NYCC '09 - The Cryptic Studios Panel
Five members of the development teams led the panel. John Layman, a name known to comic fans, was on the panel, along with a co-owner of Champions, Darren Watts. Bill Roper, executive producer of Champions Online, the producer of Star Trek Online, Craig Zinkievich, and their powerpoint driver.
A new trailer for Champions, the game based on the pen and paper RPG, was shown to kick things off. Created villains and heroes were shown fighting NPCs and in PvP battles. Melee and a Hulk-like thunder-clap was shown off in this little tease of gameplay. This is an action-oriented RPG, with superheroes fighting groups of smaller enemies.
Roper gave a brief history of Cryptic. He brought up their first game, City of Heroes, which came out after the studio’s founding in 2000. After the announcement of Champions, Roper asked to be in the beta for the game, as he’s a big fan of the franchise. Instead, the heads of development asked him to help make it! The acquisition of the studio by Atari is a great thing in his eyes, as they’re really excited about what Cryptic is doing.
Watts, the Champions owner, started to talk about the history of Champions, going over its creation as a pen-and-paper RPG. The core idea of the game was buying superpowers with points earned in the world. The game came out in 1981.
He talked about how superpowers is defined in the Champions world. For example, if Batman were in it, he has superpowers, such as the ability to disappear without Commissioner Gordon knowing when/how/where he goes. The sixth edition of Champions pen-and-paper will include powers and abilities created within the video game. The goal is that if you can think of a power, you’ll be able to design a character with it. Both casual gamers who want an easy themed characters and advanced players who want a bunch of customization will be happy.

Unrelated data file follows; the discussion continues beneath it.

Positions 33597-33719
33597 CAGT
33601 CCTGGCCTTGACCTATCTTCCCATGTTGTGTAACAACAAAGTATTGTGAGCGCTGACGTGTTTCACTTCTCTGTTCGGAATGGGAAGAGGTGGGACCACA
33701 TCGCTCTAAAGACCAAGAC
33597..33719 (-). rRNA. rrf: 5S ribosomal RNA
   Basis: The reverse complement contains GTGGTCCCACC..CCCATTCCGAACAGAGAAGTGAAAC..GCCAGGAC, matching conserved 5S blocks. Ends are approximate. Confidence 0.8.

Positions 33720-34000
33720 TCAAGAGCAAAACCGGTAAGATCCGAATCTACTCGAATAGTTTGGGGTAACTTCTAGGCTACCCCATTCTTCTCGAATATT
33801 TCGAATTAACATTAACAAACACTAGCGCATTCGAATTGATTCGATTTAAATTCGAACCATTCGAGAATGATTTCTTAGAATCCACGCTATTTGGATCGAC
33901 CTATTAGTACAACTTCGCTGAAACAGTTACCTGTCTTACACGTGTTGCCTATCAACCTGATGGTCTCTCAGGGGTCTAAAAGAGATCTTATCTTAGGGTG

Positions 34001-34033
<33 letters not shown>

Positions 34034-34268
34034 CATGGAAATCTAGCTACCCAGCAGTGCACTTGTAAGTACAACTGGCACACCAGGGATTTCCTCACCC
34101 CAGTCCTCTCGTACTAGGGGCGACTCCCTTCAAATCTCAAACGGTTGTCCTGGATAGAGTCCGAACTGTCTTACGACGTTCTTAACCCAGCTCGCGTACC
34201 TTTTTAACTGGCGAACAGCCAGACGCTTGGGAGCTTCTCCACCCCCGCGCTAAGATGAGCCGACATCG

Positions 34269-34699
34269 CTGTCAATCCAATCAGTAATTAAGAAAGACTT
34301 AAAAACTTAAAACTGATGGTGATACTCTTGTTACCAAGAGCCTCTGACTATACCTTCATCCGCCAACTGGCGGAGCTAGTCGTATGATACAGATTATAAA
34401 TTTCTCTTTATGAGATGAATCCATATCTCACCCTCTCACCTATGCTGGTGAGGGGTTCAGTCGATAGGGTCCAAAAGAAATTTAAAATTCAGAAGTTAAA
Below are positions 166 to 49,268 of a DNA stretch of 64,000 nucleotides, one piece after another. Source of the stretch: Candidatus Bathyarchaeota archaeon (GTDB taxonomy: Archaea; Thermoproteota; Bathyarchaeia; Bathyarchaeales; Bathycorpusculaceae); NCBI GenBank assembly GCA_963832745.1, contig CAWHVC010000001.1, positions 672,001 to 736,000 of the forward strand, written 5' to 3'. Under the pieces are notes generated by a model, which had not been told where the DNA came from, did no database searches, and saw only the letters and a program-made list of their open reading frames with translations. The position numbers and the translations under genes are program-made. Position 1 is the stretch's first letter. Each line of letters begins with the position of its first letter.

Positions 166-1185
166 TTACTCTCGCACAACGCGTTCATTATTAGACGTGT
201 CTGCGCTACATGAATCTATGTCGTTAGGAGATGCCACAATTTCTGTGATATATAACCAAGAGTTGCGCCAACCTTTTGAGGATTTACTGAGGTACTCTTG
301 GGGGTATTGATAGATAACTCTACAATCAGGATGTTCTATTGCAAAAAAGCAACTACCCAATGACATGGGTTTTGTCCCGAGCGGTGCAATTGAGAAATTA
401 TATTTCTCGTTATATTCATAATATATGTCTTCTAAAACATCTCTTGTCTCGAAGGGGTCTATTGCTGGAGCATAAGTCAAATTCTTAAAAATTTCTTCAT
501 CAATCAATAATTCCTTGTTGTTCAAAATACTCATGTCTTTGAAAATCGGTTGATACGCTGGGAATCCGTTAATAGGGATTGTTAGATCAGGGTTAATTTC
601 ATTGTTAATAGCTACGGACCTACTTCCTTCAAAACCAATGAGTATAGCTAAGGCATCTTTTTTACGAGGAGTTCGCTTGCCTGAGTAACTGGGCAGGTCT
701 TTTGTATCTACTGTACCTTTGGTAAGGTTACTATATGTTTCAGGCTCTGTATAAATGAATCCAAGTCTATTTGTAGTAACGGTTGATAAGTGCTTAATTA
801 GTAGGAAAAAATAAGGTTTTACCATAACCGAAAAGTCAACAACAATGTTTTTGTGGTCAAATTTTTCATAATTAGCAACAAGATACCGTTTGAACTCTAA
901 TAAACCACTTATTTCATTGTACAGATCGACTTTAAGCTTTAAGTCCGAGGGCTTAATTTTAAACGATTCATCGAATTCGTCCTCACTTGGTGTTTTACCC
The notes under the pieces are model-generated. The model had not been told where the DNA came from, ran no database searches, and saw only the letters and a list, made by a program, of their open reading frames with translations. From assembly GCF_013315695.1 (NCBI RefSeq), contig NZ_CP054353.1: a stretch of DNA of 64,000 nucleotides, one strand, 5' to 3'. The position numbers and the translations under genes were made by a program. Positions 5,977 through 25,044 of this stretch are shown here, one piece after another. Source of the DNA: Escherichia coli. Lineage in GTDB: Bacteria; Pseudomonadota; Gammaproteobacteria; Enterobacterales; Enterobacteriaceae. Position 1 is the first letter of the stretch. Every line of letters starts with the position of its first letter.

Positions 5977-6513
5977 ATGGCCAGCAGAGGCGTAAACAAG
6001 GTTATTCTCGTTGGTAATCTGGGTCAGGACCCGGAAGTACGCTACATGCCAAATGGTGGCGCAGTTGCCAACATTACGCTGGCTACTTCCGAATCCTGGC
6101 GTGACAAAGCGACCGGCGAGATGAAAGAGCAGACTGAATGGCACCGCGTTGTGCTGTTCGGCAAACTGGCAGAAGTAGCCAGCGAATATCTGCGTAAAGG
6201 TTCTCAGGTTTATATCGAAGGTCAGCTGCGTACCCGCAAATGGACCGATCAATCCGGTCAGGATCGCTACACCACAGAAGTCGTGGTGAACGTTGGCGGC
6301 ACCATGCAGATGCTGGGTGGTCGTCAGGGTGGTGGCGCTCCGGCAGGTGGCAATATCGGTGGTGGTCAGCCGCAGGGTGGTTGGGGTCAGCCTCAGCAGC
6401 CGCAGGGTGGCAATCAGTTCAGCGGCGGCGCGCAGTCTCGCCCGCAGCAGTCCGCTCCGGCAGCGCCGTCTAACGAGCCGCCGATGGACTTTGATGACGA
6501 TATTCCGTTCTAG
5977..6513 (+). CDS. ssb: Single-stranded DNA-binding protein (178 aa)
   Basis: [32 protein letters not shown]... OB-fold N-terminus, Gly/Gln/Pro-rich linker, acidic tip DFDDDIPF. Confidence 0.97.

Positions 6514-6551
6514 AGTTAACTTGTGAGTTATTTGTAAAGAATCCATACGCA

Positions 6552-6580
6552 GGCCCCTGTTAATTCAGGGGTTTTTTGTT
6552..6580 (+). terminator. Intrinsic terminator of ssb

You won’t choose classes like “Tank” or “Support.” Instead, you’ll develop that by the individual attributes. If you are in one role primarily, you can pre-define a secondary role. When you switch, items and abilities will switch automatically. Reputation allows you to open new customization options, including building your own Nemesis to fight! Your friends can fight these villains you create, as well, allowing for a lot of user created content. They are designed to be the most difficult enemies in the game. With both these villains and your heroes, you can write full backgrounds into the profile on them, so when your friends check them out, they’ll know more about them. Massive Magazine will have a large story detailing more about the Nemesis on March 15th.